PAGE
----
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In the heart of London's King's Cross development lies an intriguing group of cylindrical towers.

Oliver Giles chats to the brains behind them, architect Chris Wilkinson, who is also working on Rio de Janeiro's Olympic Park.

“We talked a lot about pie,” British architect Chris Wilkinson muses, a smile flitting across his face. “We had a framework that we had to work within, so we had ways of dividing it up, so different apartments were different slices of pie.”

It wasn’t exactly how I imagined the Stirling Prize-winning architect would talk about his work – but pie, I guess, is one way of discussing the challenges of working with circular buildings. The “pie” that Wilkinson is describing is actually three Victorian gasholders – enormous, cylindrical, cast-iron frames – that surround new residential buildings that he has designed in London’s King’s Cross. This luxury development is appropriately called Gasholders, and is the latest in a long line of high-profile projects for Wilkinson’s studio, WilkinsonEyre, which is also currently working on the Olympic Park in Rio de Janeiro and the revamp of Battersea Power Station.

Although Gasholders is on a smaller scale than those two mammoth projects, it did come with its own unique challenges. The triplet of gasholders with which Wilkinson was working were built sometime between 1860 and 1880 and – despite falling out of use long ago – were still protected structures.

“We had to work very carefully with English Heritage,” Wilkinson explains. “But they’ve been very positive about it. From their point of view, what was important was finding a use for these buildings, so that they would continue on forever. If we didn’t have this, then what would you do with the gasholders? They’re just big frames.”

Another obvious problem was that the apartment buildings inside the gasholders would have to be circular, which always complicates floor plans. This was compounded by the fact that each of the gasholders had a different diameter. “There are essentially seven types of apartment,” Wilkinson says. “And depending on which gasholder it is in, it has a different base geometry. So in the end, there are 145 apartments and 65 unique plans.”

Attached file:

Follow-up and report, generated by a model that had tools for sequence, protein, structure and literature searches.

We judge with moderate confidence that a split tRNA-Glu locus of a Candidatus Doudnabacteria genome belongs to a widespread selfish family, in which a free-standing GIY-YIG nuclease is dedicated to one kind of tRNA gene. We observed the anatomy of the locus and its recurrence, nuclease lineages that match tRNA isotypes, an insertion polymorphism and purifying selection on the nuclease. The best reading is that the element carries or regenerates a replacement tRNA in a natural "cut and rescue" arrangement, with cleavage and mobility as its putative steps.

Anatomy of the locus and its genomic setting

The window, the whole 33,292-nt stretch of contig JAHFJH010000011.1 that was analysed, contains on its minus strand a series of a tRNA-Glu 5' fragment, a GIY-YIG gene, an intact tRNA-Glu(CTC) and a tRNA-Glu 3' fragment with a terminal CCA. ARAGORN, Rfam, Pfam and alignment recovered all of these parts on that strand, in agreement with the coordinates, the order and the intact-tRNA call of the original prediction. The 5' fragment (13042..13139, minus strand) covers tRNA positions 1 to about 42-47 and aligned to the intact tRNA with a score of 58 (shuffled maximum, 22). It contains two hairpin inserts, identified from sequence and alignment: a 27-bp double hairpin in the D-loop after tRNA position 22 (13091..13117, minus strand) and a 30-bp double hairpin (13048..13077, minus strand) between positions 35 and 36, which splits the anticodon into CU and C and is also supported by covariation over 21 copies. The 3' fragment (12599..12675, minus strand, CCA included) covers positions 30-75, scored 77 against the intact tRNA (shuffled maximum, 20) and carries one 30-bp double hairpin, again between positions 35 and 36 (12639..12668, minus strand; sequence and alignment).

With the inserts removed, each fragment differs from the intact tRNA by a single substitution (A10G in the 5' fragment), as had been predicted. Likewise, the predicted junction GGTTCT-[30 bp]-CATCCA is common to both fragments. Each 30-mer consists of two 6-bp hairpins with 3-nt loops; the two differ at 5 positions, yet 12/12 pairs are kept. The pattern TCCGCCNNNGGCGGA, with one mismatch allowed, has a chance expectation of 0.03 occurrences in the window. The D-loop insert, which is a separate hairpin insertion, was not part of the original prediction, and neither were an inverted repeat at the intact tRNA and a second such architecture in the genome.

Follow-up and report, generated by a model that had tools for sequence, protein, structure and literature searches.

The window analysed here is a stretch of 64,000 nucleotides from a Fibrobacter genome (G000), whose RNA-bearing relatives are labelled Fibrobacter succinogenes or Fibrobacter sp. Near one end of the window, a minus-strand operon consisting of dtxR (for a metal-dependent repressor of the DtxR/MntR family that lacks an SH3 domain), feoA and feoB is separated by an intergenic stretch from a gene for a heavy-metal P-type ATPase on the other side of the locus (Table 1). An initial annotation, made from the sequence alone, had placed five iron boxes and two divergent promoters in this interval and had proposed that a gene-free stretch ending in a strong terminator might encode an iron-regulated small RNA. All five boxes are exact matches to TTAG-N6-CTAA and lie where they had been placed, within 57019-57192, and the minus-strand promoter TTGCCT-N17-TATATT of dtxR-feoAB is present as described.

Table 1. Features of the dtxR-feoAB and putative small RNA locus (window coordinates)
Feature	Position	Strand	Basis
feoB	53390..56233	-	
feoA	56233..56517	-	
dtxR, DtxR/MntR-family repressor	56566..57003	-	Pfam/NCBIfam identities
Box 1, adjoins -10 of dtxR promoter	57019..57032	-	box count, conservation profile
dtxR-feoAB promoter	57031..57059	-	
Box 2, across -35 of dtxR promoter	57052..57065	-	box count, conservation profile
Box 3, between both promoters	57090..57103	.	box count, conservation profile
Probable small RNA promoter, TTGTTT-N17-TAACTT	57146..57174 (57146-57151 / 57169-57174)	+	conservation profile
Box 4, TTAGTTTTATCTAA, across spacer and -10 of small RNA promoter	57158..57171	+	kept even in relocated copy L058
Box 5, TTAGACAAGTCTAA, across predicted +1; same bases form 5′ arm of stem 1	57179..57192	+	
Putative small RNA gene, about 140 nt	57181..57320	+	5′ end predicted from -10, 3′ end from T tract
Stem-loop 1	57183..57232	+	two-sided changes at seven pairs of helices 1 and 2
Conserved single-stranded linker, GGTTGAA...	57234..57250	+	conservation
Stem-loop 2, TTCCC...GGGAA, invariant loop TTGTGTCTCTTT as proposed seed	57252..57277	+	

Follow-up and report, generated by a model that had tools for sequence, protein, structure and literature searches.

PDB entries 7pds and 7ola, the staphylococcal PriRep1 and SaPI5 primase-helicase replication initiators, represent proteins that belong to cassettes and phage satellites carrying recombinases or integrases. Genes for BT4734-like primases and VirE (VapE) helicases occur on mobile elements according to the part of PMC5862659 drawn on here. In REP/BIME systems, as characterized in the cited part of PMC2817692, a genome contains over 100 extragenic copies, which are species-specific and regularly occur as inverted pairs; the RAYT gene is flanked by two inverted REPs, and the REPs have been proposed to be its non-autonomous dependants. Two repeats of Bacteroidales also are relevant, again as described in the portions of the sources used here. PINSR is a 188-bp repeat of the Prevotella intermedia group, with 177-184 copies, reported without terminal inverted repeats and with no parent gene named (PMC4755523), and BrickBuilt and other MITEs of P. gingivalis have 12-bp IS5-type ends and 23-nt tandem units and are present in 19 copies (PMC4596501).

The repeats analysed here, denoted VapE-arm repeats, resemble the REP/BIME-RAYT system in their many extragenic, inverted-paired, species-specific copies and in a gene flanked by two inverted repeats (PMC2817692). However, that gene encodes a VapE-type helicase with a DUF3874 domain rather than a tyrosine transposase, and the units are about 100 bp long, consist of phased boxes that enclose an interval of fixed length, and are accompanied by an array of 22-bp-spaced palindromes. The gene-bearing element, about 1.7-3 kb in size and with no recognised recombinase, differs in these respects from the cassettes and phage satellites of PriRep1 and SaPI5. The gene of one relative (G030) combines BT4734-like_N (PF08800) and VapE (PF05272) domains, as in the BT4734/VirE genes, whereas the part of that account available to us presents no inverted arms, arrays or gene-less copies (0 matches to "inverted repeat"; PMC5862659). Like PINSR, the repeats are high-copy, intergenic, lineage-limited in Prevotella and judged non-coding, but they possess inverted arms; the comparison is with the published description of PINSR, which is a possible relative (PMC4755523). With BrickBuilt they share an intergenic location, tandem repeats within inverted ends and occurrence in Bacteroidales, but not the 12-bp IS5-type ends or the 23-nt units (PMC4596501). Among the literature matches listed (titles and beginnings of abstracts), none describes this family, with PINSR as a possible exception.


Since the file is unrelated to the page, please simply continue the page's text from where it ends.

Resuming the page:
Wilkinson himself, though, wasn’t too intimidated by the unusual shape of the blocks. “People said, ‘How can you make apartments work in a circular building?’” he recounts. “But what you get is what I call expansive space – when you go in, it opens out towards the outside. This shape actually works very well because it’s always opening out on to the light.”

Inside each of the buildings is everything from studio apartments to duplex penthouses, all of which have access to a spa, business lounge and an entertainment suite with a 14-seat cinema. On top of designing the exterior, WilkinsonEyre also took charge of the communal interior space, taking inspiration from the gasholders’ past. “We have a very industrial building here,” Wilkinson admits. “But when we were looking at the circular plans, we also started thinking of a watchmaker aesthetic, which seemed to hit a chord with people. So inside we have a much more refined, detailed arrangement with materials that you might see on the inside of a watch – brass and bronze and stainless steel.”

Gasholders is part of the much larger King’s Cross development, which is primarily being managed by property developer Argent. In addition to Wilkinson, Argent has employed a string of other leading architects – including Thomas Heatherwick, David Chipperfield and Eric Parry – to work on projects across the site. So when King’s Cross is completed, scheduled for late 2017, it may well become a new favourite destination for architecture fans.


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